scenes with radiosity a bit. However, radiosity can also be used stand-alone
(although this sacrifices soft highlights unless one is familiar with other
advanced techniques), by making objects themselves emit light. Details how to do
this are mentioned later.
When PoV-ray starts taking radiosity samples, there is a hen-and-egg problem: To
determine the indirect illumination at a sample point, it needs to shoot rays
and determine how much light comes from that direction - which in turn may
depend on the indirect illumination there, and due to a current lack of
(completed) samples cannot be computed right now.
PoV-ray solves this problem in a pragmatic way, by doing a limited-depth
recursion, keeping track of separate sets of samples for each level of depth.
The levels of depth can be seen as some kind of "generations" (although the
individual generations are not computed in sequential order, but rather as
When shooting rays for a first-generation sample, the world is assumed do be
devoid of any indirect illumination, and any object hit is assumed to be
illuminated only from classic lighting, maybe reflect or refract, and maybe emit
When shooting rays for the second-generation sample, the world is assumed to be
indirectly illuminated as described by the first-generation samples.
When shooting rays for the third-generation sample, the world is assumed to be
indirectly illuminated as described by the second-generation samples - and so
on, until the desired number of generations has been reached.
(Note that these "generations" are *not* coincidental with radiosity pre-trace
The intention of the radiosity sampling pre-trace is to take all samples that
the final render may ever need, to avoid any new samples to be taken during the
final render, as this may cause visible "jumps" in color or brightness between
areas rendered before and after the new sample was taken.
To make sure the collection of samples is dense enough, by default the pre-trace
actually takes more samples than it would normaly deem necessary. This is
achieved by running multiple passes, and collecting additional samples on each
pass until it finds a certain minimum number of samples "within reach" of each
spot it examines.
To make sure that the distribution of samples is comparatively homogenous, the
pre-trace starts with a very coarse pass, and gradually increases in resolution.
In addition, the pre-sampling uses a good deal of jitter to avoid any clear
patterns in the sampling distribution.
The pre-trace may not always be successful at achieving these goals, so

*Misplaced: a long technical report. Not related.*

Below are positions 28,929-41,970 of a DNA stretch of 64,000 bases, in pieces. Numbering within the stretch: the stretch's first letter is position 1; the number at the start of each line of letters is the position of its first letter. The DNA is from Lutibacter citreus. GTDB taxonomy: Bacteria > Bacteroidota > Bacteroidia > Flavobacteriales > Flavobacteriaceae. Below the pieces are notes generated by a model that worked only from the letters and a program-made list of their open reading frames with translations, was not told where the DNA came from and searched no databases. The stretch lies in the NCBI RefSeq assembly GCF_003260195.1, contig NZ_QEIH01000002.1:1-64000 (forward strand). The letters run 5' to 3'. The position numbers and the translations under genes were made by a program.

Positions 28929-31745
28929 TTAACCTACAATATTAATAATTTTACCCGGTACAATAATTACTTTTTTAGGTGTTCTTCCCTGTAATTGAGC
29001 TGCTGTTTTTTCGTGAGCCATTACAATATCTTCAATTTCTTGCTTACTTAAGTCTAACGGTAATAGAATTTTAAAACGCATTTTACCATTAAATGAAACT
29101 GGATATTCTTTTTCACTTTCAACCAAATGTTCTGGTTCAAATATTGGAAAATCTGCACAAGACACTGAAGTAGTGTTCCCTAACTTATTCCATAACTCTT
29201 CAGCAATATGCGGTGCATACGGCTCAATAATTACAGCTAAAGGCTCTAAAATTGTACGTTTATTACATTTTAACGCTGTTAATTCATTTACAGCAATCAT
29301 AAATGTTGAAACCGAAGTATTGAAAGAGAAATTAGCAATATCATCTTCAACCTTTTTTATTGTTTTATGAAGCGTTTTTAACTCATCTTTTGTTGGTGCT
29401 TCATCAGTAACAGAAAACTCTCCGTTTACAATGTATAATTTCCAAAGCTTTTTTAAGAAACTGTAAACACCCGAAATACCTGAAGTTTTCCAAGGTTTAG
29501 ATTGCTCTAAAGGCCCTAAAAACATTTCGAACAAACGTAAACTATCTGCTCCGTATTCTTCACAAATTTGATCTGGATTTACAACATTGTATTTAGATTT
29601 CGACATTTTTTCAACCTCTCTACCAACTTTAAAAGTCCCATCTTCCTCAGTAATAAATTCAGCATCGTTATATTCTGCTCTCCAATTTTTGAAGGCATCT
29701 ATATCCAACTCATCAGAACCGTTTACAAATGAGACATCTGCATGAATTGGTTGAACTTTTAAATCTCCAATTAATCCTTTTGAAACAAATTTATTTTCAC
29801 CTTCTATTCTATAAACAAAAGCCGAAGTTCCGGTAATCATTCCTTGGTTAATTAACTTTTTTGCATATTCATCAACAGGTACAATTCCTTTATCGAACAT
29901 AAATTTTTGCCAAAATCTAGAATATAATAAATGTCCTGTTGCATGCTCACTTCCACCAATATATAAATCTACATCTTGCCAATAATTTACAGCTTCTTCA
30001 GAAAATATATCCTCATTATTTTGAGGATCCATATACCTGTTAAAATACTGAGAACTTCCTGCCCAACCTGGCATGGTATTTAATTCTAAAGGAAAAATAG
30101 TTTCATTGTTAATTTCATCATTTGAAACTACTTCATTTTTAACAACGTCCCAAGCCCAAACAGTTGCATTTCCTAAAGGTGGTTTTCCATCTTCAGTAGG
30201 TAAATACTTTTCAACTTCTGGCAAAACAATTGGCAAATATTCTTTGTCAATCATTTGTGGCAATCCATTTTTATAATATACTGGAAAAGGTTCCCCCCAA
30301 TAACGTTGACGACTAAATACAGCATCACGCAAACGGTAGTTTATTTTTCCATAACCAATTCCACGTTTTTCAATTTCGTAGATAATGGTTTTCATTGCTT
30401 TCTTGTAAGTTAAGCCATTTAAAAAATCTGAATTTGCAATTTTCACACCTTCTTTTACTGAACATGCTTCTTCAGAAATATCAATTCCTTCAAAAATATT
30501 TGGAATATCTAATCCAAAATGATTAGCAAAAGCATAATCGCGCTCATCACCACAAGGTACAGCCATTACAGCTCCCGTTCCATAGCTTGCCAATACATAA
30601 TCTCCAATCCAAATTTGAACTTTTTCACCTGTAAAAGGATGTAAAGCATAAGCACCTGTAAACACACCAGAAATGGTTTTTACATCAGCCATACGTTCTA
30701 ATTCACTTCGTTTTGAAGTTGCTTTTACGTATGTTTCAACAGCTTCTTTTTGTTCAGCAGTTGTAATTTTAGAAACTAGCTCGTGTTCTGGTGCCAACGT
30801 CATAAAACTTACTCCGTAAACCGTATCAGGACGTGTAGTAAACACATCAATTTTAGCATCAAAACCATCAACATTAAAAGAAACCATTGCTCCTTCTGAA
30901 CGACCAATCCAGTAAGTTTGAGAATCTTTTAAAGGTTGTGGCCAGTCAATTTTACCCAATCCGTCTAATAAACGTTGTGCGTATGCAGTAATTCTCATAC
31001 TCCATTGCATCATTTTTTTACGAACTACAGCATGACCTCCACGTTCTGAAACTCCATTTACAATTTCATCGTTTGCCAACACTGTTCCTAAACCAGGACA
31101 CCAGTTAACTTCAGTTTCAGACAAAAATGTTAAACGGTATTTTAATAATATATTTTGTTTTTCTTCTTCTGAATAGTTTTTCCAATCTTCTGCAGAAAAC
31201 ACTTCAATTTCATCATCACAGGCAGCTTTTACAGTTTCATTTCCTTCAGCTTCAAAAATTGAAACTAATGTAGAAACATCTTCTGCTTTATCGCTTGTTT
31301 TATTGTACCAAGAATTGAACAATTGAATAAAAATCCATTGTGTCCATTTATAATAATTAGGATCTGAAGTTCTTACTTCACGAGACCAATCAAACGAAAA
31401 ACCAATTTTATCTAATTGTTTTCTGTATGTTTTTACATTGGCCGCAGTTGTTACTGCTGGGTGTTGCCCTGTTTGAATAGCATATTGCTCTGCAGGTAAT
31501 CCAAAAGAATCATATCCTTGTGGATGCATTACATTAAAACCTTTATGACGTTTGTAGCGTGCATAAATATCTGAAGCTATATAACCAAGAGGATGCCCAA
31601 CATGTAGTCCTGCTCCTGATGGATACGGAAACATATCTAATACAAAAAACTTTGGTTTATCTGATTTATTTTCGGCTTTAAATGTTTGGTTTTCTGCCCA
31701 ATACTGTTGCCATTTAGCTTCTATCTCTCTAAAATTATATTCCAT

sometimes taking new samples during the final trace cannot be totally avoided.
--- (End of Volume 1) ---
Post a reply to this message
Christoph Hormann <chr### [at] gmxde> wrote:
> This is a very comprehensive description of radiosity workings in
> POV-Ray but i think you are mistaken about one central point: The
> radiosity pretrace will not be able to (and was never designed to) take
> all samples necessary during pretrace in a real life scene.
It may not have been *designed* to do so, but for good quality it *must* do so
(at least to some good degree). Otherwise you get lots of artifacts everywhere
near new samples taken during final render, because some nearby pixels were
computed earlier, but would have been influenced by the new sample if it had
been there already.
There are a few things to note out here:
- When talking about samples *needed*, I mean needed by *algorithm*, not by
- The algorithm in POV is designed so that it will enforce a certain minimum
effective radius of samples, so in this sense it will never *need* an infinite
number of samples.
- I'm advocating nothing more than *good* coverage, not a *perfect* one.
There's a point here to be made though, and it just gives me an idea how to
automatically get an exhaustive enough but not too slow pretrace:
Samples taken during final render that affect only a single pixel probably don't
hurt anyone. Artifacts appear only where samples are taken that should by
algorithm affect other pixels already calculated.
So there must be a way to use this fact to come up with a criterion when to stop
pretracing even though sample coverage doesn't seem to be rather incomplete yet.
Note however that just stopping pretrace at the final render's pixel size
doesn't suffice: on areas seen from a very shallow angle, a spot that still
needs samples may be "thin" enough on screen in one direction to slip through a
pixel-sized pretrace, but still "wide" enough in the other direction to do harm.
So the radiosity tracing code should report the "apparent" size of the largest
sample gathered for a pretrace ray (or some value directly enough related to
it), and if the pretrace finds that it needs to gather no more "oversized"
samples then it is (with a certain probability) safe to leave sampling in that
area to the final trace.
(I *love* having inspiring arguments with you, guys!)
Post a reply to this message